NSW govt ignored health advice: opposition

·3-min read

The NSW government has been accused of contradicting public health advice throughout the state's Delta outbreak, despite publicly promising to follow it.

Emails released on Monday after they were sought by a parliamentary committee appear to show the NSW government implemented COVID-19 restrictions late - weeks after they were recommended in some cases - and selectively applied them to certain areas despite advice to be "consistent".

One of the messages, sent from chief health officer Kerry Chant on July 29, recommends a curfew for lockdown areas be considered "for the messaging effect".

The restriction was introduced some 25 days later, but only for 12 local government areas "of concern" in Sydney's west and southwest.

The email also recommended outdoor mask-wearing be mandated - a restriction which was also introduced on August 23 - almost a month later.

In another email from August 14, Dr Chant recommends the government "implement consistent measures across greater metropolitan Sydney with outdoor masks, consistent 5km rule and authorised workers only".

That day, the government banned Greater Sydney residents from travelling more than five kilometres or outside their LGA border, whichever was bigger.

Tighter restrictions were applied to those inside the LGAs of concern, who were barred from travelling more than 5km from their homes.

Several other restrictions not mentioned in the emails were also applied only to LGAs of concern. It is unclear if those actions were supported by the chief health officer.

Opposition Leader Chris Minns says the harsher restrictions placed on the west and southwest created two Sydneys, a divide that is still being felt six weeks after lockdown lifted.

"They told us in unambiguous terms that they were suffering, they felt ostracised. It was affecting their communities. It was affecting their economy and their livelihoods," he told reporters.

"Those communities and families are still suffering.

"(This) information proves what we all suspected. We were not all in this together."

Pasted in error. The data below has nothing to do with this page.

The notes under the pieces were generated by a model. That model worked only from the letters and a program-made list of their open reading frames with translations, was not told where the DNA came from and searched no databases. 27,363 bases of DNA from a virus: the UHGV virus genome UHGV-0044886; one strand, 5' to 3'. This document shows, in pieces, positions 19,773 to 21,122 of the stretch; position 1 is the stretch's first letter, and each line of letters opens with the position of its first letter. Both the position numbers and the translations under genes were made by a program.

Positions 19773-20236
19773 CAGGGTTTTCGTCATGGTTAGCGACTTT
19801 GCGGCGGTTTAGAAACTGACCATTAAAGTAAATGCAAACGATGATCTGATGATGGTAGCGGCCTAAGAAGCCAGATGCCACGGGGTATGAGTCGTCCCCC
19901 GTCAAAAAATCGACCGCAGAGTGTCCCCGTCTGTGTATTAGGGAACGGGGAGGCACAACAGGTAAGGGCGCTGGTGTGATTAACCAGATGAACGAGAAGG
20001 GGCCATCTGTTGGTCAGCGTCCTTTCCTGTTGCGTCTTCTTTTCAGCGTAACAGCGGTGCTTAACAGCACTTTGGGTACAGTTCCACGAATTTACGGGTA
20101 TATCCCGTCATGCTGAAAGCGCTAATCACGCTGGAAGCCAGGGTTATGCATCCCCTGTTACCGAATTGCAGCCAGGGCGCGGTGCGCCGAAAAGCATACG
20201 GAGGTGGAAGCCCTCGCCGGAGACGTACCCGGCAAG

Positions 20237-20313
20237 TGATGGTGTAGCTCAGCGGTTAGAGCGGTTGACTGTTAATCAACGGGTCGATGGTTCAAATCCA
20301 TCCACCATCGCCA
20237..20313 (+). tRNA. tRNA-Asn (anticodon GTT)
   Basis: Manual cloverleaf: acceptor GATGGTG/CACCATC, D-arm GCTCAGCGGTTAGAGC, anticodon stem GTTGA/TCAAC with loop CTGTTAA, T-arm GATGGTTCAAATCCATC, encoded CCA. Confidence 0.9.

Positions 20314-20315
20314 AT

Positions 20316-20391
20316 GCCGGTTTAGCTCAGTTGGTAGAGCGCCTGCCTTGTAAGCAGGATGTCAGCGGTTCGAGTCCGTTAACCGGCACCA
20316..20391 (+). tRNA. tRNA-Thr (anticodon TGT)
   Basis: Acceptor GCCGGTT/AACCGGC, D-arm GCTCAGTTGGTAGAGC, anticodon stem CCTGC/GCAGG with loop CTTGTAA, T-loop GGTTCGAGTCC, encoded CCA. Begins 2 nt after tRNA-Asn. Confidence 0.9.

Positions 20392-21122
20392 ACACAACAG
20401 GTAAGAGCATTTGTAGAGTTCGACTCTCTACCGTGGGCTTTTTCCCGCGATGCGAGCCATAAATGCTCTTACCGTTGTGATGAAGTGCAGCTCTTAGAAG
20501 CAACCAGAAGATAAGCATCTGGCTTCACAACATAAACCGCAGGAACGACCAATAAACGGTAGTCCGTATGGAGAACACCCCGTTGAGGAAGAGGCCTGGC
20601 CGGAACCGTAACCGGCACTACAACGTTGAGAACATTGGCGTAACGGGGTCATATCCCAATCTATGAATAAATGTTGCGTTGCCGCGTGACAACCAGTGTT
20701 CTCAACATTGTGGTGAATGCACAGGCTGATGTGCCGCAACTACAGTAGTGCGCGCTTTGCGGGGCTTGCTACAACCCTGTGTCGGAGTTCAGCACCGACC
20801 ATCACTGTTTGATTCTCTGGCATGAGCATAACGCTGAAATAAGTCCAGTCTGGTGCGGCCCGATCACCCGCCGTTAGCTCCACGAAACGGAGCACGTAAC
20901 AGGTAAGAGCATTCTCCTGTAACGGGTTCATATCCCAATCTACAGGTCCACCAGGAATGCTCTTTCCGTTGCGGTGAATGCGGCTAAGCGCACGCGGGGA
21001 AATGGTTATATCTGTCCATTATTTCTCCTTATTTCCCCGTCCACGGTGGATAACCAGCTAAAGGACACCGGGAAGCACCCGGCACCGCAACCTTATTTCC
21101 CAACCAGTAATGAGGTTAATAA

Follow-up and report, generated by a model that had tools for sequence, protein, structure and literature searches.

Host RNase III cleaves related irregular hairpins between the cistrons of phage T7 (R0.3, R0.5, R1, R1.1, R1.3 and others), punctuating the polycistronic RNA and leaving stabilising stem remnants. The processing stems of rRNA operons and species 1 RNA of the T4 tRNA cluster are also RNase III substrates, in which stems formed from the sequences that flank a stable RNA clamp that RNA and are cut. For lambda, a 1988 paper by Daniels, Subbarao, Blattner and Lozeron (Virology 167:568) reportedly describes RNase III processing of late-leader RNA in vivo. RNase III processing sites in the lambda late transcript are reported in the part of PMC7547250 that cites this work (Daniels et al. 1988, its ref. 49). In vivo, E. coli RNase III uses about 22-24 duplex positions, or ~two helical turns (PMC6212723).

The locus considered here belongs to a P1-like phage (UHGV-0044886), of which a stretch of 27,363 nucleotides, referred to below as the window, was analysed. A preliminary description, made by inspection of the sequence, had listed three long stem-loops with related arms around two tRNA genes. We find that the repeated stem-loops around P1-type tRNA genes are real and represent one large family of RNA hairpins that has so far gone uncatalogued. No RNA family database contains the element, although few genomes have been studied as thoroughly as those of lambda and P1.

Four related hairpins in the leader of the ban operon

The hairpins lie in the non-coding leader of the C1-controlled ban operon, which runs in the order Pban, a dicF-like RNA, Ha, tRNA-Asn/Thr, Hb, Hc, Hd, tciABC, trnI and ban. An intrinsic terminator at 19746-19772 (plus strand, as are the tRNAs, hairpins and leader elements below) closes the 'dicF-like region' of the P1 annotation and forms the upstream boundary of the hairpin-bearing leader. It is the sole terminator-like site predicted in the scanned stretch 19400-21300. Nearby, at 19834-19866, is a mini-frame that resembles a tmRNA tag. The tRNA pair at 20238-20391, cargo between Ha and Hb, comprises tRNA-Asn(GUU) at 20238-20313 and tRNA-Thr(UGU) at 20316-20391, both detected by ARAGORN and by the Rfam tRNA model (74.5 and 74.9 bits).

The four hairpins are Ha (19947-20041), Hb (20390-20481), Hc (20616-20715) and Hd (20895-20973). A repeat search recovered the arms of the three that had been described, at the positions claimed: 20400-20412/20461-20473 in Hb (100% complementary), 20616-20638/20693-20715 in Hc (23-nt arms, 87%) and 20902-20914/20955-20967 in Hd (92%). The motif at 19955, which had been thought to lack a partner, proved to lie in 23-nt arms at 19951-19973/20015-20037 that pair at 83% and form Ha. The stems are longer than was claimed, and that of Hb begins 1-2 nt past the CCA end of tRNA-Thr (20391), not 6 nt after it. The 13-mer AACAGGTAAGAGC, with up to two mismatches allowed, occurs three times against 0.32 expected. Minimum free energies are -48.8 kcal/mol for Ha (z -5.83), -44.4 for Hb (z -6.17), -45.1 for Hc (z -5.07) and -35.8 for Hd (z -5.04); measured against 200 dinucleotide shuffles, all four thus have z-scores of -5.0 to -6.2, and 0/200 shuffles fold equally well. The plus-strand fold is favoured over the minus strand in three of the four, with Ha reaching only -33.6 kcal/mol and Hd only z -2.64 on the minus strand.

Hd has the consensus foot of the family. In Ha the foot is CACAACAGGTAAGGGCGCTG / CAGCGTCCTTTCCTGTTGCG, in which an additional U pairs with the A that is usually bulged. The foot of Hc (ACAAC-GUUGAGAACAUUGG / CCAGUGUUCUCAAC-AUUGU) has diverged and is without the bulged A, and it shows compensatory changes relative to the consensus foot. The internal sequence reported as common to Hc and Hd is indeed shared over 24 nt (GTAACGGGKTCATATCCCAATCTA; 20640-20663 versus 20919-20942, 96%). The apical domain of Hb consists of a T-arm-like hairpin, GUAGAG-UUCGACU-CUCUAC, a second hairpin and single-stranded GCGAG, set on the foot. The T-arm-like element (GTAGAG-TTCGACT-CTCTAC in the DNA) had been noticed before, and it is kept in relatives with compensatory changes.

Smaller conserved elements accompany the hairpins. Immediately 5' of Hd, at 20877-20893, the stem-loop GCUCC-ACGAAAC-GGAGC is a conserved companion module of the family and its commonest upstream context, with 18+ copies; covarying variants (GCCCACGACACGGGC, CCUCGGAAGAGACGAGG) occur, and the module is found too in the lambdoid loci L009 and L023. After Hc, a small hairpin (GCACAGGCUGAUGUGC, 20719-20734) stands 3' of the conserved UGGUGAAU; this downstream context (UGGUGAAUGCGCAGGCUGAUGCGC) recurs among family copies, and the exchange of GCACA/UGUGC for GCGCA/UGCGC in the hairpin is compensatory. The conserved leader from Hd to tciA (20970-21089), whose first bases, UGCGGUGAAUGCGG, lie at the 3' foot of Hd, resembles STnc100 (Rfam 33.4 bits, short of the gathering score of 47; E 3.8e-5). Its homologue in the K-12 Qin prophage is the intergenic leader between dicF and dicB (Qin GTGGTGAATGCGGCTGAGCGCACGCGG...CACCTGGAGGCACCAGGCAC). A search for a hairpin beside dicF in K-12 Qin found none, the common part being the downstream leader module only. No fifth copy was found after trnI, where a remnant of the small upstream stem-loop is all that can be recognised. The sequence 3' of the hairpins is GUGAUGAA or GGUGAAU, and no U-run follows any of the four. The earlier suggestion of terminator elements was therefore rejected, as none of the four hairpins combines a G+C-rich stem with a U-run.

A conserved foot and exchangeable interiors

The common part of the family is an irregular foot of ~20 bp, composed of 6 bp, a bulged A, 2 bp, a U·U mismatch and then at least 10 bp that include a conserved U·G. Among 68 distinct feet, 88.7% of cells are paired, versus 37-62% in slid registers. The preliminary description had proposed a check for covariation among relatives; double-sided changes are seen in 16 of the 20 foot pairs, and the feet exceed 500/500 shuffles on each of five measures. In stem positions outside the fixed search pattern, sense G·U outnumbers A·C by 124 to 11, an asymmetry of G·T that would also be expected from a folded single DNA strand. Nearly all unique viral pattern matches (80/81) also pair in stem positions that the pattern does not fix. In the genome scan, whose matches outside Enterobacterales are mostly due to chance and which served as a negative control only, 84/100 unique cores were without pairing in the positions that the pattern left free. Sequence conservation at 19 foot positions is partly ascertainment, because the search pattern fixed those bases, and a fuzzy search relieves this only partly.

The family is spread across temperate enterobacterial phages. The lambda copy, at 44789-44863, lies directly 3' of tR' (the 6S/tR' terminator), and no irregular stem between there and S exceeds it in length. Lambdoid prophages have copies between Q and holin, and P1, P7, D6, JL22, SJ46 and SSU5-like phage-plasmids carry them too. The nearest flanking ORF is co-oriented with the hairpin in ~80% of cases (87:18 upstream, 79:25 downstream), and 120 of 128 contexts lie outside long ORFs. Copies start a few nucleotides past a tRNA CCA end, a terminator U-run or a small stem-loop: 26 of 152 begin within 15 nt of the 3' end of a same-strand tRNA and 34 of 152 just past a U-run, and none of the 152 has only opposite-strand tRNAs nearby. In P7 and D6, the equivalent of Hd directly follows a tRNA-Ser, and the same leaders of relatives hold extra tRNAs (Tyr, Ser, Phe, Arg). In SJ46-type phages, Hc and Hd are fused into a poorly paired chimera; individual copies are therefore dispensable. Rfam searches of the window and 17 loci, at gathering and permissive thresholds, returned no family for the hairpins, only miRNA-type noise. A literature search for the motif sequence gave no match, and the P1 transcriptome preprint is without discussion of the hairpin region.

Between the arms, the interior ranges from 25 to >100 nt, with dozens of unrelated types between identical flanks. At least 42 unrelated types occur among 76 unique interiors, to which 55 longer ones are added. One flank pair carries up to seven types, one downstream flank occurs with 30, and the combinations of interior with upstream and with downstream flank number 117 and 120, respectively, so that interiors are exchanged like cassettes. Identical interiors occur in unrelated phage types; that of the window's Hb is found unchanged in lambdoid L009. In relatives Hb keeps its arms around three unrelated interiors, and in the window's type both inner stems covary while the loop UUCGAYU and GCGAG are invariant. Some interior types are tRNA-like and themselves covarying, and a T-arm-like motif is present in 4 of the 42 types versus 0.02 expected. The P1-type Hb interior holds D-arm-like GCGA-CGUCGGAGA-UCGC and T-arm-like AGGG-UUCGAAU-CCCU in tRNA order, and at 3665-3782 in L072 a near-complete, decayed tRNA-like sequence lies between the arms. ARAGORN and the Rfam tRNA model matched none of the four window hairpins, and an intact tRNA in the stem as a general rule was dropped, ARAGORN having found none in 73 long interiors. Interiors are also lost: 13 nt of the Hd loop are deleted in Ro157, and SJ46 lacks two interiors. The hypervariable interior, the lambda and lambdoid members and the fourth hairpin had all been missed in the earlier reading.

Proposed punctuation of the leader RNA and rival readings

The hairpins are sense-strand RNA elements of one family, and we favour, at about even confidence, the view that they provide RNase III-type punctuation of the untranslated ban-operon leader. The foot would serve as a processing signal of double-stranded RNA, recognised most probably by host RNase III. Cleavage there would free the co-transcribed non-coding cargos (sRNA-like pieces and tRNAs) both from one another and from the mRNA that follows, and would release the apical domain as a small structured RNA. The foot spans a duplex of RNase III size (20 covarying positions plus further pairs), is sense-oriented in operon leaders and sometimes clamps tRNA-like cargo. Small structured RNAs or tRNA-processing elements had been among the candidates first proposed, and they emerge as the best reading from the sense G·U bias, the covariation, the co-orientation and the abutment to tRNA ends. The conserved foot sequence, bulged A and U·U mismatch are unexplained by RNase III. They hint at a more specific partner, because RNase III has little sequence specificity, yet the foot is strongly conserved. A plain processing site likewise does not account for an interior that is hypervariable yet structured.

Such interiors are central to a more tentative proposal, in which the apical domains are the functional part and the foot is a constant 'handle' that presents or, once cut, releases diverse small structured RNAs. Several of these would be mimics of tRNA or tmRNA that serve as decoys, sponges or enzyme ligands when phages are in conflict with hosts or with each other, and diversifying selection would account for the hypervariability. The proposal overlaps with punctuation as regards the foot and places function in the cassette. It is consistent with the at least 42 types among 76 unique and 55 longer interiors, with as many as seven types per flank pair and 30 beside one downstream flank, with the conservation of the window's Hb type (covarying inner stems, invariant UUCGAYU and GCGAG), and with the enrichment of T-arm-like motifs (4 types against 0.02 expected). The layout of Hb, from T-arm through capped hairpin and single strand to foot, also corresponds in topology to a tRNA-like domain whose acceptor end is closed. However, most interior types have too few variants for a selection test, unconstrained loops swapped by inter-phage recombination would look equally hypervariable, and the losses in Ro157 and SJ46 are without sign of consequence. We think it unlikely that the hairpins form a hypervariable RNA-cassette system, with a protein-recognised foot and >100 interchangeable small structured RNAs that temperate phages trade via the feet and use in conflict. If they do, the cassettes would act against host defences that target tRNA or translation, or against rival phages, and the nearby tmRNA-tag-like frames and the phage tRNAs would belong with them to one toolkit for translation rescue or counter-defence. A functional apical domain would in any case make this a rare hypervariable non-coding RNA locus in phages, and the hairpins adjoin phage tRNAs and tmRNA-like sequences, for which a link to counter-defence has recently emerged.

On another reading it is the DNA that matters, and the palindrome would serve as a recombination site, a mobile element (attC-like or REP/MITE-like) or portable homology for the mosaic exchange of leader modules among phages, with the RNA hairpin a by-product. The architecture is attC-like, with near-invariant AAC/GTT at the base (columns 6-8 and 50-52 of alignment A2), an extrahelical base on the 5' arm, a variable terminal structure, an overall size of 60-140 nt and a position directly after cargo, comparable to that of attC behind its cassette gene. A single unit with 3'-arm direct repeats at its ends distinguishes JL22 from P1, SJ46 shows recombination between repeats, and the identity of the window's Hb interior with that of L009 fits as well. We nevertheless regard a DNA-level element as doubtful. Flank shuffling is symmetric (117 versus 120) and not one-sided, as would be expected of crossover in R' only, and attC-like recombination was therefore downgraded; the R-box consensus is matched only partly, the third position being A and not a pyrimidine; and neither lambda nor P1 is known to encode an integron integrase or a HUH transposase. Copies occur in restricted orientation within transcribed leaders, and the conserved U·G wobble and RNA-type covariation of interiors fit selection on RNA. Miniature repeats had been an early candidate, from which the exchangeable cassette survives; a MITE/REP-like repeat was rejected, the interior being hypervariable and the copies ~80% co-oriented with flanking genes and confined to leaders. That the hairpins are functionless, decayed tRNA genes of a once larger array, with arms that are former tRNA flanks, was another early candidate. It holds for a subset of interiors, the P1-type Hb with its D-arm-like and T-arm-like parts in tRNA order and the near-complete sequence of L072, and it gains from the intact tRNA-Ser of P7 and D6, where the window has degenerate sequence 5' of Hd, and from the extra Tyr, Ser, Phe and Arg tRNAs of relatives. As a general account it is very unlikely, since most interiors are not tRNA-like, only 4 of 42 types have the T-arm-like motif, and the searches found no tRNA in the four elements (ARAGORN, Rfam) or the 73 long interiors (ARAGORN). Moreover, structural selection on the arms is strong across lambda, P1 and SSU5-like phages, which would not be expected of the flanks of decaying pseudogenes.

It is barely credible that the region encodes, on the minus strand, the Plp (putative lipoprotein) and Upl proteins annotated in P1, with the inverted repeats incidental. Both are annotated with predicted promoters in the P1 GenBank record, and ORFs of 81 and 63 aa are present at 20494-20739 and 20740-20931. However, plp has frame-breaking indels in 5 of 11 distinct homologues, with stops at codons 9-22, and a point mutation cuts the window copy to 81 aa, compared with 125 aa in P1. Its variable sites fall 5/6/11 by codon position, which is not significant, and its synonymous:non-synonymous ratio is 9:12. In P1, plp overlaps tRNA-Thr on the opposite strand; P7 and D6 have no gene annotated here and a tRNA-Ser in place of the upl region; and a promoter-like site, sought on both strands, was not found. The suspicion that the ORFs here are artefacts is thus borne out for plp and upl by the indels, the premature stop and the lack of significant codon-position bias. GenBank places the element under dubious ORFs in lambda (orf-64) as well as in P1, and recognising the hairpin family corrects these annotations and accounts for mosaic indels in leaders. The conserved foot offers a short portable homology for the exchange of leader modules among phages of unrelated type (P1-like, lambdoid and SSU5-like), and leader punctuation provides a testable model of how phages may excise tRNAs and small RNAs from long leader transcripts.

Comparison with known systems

It is particularly galling given then-premier Gladys Berejiklian frequently reassured the public she was following the health advice, he said.

Health Minister Brad Hazzard has been contacted for comment.

NSW on Monday reported another 180 new cases of COVID-19, with an unvaccinated Sydney woman in her 50s the latest person to die from the virus across the state.

NSW Health says the woman from southwestern Sydney died at Campbelltown Hospital in the 24-hour reporting period to 8pm on Sunday.

There are 202 people with the virus in hospital, 30 of them in ICU and 15 ventilated.

Nearly 95 per cent of adults have had their first vaccine jab while 91.8 per cent of people 16 and older have had two doses.

Some 75.4 per cent of children aged 12 to 15 have had two doses of a COVID-19 vaccine, while 81 per cent of that age group have had their first jab.

Meanwhile, an alliance of health, human rights and fair-trade organisations have protested outside the Pfizer Australia office in Sydney.

The protesters are asking the pharmaceuticals maker to share their vaccine knowledge and to stop lobbying against changes to intellectual property rules that would allow low and lower-middle income countries to ramp up production of vaccines and treatments.

Pfizer recently announced revenue forecasts of $US36 billion ($A50 billion) from COVID-19 vaccine sales this year.

Advocates around the world are calling for action ahead of a WTO ministerial meeting on November 29, where a temporary waiver on vaccine monopolies will be decided.

In July, a task force led by the WHO, the WTO, World Bank and International Monetary Fund set a clear target to vaccinate 40 per cent of people in every low and lower-middle income country by the end of the year.

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